Anyway, it's a pretty eclectic bunch of songs which reflects my rather diverse musical tastes, but for '...and The Truth will set you free...' (my second solo album) I took the things I thought worked well on 'Scarlet' and developed a much stronger and more focused direction. I felt like I'd improved in all aspects for this second album and I also drew more on my early influences (Queen, Led Zeppelin, etc). You can definitely hear that in the multi tracked vocal harmonies (all of which I did myself) and the more expansive rock pieces. Actually I've just started work on my third album which I'm really excited about as I feel like I'm really developing my own 'voice'.

MPS
You’ve mentioned Queen and Led Zep, who else do you count among your musical influences?

DK
I'm really glad you said 'musical' influences as opposed to 'guitar' influences because to me the music has always been more important. Back in the 70's I used to listen to my little red transistor radio all the time. It was generally tuned to 'Radio 1' and in any single program they could play anything from Black Sabbath, Bob Marley, Michael Jackson, The Eagles, Steely Dan, 10cc, Marvin Gaye, AC/DC, David Bowie, ELO, The Carpenters, Stevie Wonder, The Beatles, Led Zeppelin.... and I loved it all. I never felt the need to differentiate between musical styles, to me it's all music. In fact, the idea of genre based radio stations seems a little backward. I don't really want to listen to ANY style of music ALL the time! Queen were the first band I got heavily into though. That was when I realised that playing rock music was what I wanted to do. But I was also listening to a lot of classical music too, like Debussy, Rachmaninov, Vaughan Williams, Holst, etc... so they're all in my music somewhere.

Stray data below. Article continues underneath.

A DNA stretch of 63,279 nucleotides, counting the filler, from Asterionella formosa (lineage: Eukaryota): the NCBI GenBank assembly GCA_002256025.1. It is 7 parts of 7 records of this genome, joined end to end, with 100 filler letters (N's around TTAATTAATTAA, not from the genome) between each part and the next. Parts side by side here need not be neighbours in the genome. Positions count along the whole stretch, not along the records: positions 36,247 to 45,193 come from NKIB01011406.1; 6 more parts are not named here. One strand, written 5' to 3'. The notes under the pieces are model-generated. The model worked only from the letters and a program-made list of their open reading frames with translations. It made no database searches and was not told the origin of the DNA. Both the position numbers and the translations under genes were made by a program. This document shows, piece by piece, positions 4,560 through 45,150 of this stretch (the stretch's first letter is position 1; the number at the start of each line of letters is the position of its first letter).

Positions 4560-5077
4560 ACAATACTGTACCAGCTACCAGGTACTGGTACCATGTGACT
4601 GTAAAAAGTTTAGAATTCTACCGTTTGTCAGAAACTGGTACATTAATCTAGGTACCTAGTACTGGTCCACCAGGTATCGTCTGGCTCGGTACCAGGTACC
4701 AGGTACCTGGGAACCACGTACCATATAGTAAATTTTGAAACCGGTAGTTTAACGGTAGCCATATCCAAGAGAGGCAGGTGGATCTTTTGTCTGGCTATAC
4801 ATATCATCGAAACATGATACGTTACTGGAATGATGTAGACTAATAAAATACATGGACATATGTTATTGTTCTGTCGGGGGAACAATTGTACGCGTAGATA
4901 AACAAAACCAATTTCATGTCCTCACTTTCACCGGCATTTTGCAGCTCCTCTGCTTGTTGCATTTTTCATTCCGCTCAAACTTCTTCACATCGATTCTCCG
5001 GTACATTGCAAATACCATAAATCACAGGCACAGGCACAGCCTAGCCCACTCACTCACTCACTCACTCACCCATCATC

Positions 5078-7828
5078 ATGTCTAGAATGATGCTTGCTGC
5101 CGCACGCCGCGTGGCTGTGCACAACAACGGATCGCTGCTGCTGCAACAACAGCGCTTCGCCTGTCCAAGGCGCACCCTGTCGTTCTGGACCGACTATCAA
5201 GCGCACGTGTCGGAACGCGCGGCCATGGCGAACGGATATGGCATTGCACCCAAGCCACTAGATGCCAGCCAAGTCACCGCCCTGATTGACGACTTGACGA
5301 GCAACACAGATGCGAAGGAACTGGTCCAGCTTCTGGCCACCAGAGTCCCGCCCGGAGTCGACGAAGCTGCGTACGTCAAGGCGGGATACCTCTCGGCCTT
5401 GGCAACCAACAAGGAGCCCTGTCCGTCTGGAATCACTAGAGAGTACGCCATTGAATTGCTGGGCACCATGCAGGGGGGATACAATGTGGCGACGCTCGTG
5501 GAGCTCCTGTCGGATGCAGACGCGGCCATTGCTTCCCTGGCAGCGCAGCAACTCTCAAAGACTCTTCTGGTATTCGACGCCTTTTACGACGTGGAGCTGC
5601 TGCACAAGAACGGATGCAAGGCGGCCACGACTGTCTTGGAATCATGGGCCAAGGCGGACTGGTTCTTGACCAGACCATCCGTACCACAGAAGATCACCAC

MPS
That’s a good point; If you could go back to any musical era what would it be?

DK
I'm a child of the seventies and most of my favourite music comes from that period, so that would be an obvious choice. It was such an exciting, creative time with everyone experimenting and inventing new and incredible music. Nowadays everything is just soulless, computerised junk. I mean, isn't anyone fed up with autotuned vocals yet? It was ok as a little gimmick on a Cher single (Believe) back in '98... but seriously, the joke has gone way to far! To be honest, if I was growing up listening to the radio now then I probably wouldn't even play music!   

MPS
What was your first guitar?

DK
It was a cheap and nasty Classical guitar. I painted it black and white (to look like Van Halen's on the first record) and took the frets out... I even set fire to it! By the way, that wasn't a 'Hendrix' thing, that was just my frustration... I've always found the guitar to be a very frustrating instrument to play. Even the fact that you can't actually tune it perfectly! My first electric was a 'Shaftesbury' copy of a Gibson SG. That was pretty rubbish too...

MPS
What guitar are you playing at the moment?

DK